Organising your studies

Feeling the pressure? You’re not alone – we’ve all been there! Here are some tips to help you keep on top of your studies.

Time management – a balancing act!

  • When you begin university there is a lot of ‘free time’ between lectures and tutorials. Class time makes up very little of your weekly schedule, but you should devote an average of 10 hours per week of independent study per unit. That’s 20-40 hours per week depending on your workload – so be aware that study can be busier than working a full-time job!
  • Time management is a skill that gets easier with practice, and thinking about long-term goals can help you stay focused and motivated. Ask yourself:
  •  – Why am I at university? What am I passionate about?
     – What am I already good at and what do I want to improve?
     – Where do I want to be when I complete my degree?

Your study space is important.

A clear desk means a clear mind!
This is a challenge for many of us, but it is worthwhile to occasionally clear your desk and only have in front of you what you need for the task you are currently working on.

Find a regular study space that works for you.
It sometimes helps to have a regular study space, and know when the quiet times will be. If you need quiet time and can’t find it at home, study at your CSU Library, a CSU Learning Commons, or visit a local Library branch near you.

Spend some time offline!
If you get easily distracted by the internet, turn off your mobile and WiFi, and study for some time without it. You can use this time to read books or articles that you’ve downloaded or printed. Although challenging, it may surprise you how much this improves your focus and attention. If you really struggle with online distractions, try a web time tracker app – these are designed to limit your access to particular sites at particular times of the day.

Managing your study resources.

Keeping your readings, notes, assignment documents and web bookmarks in order is an essential part of good study practice. Here are a few suggestions to make this easier:

  • For hard copy notes and print-outs, keep them in separate binders for each unit.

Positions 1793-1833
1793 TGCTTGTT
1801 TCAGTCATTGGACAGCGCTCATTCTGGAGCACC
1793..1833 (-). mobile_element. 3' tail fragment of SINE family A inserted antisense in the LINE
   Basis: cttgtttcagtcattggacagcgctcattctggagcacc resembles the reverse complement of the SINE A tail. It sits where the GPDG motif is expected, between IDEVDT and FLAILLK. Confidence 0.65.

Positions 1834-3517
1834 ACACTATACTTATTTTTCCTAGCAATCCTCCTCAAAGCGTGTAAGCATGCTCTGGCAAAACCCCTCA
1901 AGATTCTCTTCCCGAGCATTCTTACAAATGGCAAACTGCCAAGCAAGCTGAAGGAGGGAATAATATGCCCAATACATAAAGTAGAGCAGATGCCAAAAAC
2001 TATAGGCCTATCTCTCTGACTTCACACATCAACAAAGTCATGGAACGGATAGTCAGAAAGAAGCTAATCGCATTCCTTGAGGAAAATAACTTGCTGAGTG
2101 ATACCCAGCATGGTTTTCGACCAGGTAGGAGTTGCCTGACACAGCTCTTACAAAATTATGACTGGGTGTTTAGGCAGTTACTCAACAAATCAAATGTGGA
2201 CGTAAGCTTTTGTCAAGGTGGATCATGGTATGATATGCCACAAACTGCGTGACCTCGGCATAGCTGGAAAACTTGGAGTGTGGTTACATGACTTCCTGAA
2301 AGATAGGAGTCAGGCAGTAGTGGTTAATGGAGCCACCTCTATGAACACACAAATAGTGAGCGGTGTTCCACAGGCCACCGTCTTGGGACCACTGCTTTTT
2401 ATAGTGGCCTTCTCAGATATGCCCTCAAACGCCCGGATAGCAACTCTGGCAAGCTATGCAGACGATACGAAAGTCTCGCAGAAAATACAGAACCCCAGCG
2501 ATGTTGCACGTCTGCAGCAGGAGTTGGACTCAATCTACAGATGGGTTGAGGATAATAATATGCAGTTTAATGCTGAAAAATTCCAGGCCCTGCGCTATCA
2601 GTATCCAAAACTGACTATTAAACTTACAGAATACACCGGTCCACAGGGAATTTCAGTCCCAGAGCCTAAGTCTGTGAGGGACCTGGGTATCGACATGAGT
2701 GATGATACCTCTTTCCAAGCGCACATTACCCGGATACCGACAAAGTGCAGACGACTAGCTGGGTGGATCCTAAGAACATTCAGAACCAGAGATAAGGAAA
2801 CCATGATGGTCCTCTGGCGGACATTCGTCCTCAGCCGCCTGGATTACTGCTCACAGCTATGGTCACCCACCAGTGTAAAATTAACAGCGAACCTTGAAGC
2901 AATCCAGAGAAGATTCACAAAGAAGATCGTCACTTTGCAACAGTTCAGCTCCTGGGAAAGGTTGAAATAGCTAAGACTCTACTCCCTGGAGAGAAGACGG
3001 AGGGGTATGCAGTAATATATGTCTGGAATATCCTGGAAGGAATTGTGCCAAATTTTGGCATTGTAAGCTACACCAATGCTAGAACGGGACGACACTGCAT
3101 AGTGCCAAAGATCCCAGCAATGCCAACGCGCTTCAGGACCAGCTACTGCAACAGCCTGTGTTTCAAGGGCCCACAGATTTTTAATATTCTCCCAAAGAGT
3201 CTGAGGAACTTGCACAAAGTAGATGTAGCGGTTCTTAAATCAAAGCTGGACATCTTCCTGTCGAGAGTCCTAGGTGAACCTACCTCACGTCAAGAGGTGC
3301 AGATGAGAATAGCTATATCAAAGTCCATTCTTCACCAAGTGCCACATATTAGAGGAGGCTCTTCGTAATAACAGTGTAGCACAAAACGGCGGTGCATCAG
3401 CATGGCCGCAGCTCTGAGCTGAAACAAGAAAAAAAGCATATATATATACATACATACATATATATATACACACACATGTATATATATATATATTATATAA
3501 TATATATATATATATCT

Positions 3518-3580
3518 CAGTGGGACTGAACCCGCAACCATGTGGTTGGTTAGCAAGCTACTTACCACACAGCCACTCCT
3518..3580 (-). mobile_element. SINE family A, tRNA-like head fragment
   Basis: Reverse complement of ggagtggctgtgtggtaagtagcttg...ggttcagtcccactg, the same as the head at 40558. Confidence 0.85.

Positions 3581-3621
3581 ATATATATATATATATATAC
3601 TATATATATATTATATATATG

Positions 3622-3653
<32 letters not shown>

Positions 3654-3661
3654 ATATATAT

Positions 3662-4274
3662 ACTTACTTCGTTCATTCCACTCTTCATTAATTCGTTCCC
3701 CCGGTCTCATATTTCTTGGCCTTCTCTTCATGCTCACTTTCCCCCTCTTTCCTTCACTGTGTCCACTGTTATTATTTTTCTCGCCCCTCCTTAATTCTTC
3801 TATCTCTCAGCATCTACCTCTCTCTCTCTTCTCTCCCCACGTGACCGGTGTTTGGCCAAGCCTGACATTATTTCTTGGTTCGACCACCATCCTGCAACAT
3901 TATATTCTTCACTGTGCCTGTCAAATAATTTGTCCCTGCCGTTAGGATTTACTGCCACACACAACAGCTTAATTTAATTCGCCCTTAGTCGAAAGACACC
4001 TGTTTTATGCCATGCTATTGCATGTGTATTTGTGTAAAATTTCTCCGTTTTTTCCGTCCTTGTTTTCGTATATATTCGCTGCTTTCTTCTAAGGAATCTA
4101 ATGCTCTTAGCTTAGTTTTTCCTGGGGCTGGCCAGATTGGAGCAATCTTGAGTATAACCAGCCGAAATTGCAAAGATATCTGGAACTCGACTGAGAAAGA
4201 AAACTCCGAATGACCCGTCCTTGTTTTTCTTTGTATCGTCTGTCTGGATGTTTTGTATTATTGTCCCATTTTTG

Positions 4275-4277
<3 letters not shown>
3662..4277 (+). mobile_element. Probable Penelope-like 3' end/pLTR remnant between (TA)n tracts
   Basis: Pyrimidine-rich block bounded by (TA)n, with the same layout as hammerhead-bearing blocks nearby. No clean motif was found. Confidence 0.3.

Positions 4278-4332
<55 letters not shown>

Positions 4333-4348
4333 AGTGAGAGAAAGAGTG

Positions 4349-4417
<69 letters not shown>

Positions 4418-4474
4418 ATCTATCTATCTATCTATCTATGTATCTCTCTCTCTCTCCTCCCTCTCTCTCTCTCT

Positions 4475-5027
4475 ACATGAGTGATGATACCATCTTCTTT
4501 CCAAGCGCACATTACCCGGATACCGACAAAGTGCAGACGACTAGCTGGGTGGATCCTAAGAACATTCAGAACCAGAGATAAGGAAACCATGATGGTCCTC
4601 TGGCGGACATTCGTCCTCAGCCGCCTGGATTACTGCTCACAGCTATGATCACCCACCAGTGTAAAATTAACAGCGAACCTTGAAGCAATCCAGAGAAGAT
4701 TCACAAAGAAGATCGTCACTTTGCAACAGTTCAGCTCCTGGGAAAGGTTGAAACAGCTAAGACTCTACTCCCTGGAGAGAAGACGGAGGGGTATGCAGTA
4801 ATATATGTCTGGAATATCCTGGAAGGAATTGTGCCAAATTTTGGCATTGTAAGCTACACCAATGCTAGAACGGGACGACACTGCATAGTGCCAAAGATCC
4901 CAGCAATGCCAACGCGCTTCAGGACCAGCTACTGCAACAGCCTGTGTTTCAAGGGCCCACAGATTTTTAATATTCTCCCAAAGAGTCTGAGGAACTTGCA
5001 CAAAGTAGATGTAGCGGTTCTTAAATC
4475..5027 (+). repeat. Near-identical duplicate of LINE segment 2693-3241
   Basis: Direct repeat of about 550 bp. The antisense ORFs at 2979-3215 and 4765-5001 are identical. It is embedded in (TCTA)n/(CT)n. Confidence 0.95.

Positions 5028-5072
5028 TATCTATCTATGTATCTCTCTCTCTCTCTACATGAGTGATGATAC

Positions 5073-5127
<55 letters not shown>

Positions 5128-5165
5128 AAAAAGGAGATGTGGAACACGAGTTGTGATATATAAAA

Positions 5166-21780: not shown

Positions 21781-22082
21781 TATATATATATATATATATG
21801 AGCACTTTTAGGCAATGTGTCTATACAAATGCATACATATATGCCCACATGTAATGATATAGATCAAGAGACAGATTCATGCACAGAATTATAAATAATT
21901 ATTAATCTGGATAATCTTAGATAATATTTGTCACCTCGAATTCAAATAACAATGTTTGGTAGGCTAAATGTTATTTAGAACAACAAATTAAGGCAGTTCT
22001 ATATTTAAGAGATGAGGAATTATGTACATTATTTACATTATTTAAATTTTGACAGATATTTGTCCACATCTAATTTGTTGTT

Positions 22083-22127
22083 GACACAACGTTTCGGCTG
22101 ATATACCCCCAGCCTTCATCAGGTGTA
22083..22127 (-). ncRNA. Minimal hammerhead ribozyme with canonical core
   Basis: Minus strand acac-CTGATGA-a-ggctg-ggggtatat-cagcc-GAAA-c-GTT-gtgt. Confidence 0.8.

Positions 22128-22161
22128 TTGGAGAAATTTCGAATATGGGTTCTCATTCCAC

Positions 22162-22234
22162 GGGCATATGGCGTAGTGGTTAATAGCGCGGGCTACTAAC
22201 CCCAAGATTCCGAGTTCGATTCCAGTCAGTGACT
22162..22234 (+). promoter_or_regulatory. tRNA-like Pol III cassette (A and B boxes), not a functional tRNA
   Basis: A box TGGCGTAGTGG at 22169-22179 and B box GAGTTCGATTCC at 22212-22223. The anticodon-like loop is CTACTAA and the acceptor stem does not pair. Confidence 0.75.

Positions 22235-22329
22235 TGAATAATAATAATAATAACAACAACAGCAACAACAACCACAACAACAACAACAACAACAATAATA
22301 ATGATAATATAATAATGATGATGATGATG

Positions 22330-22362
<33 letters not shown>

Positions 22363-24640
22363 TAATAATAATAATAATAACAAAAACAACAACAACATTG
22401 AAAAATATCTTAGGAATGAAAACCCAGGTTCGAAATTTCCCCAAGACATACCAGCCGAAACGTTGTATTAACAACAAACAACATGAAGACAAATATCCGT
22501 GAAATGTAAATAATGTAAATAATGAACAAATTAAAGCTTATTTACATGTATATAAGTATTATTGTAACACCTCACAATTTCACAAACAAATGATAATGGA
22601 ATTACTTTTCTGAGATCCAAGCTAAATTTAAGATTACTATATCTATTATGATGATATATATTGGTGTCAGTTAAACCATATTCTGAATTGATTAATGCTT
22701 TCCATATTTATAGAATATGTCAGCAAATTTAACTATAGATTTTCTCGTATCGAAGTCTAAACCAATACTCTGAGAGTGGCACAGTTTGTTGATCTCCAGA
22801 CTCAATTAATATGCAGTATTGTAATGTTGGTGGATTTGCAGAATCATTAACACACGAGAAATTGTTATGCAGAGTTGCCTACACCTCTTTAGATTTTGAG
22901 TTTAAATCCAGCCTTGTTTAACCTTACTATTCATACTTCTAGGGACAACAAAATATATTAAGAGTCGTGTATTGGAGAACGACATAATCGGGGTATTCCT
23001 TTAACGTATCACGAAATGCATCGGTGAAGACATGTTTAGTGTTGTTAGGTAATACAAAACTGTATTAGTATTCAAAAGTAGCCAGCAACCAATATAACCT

• Organise your notes according to the unit’s weekly topics – this will make them easier to find. 
  • Use sticky notes to mark important places in books, articles and print-outs.

Digital file management
Carefully labelling and managing files will save you a lot of stress later on! Here are some suggestion for how you might organise your folders and files:

  • Create a folder for each semester and a subfolder for each unit, e.g. IKC101 
  • Create further sub-folders within each unit, e.g. Readings, Notes, Assignments, etc. 
  • Under ‘Readings’ put copies of your subject readings, and any other relevant readings you find – this is a great place for you to download eReserve readings for future use!. 
  • Under ‘Notes’, keep your own notes taken from lectures, tutorials, and also from readings. Type up any handwritten notes, so that you have everything in one place. Re-writing or typing also helps you to remember and recall information.
  • Under ‘Assignments’ you can put plans, drafts and final copies of your assignments. Saving new copies of each draft is a good idea in case a file gets lost or is corrupted. Include information about the unit and the assessment in the file name, e.g. IKC101 Assessment 1_draft3 

Finally, ALWAYS make a back-up copy of your assignment, and remember to take breaks – There is virtue in work and there is virtue in rest. Use both and overlook neither!

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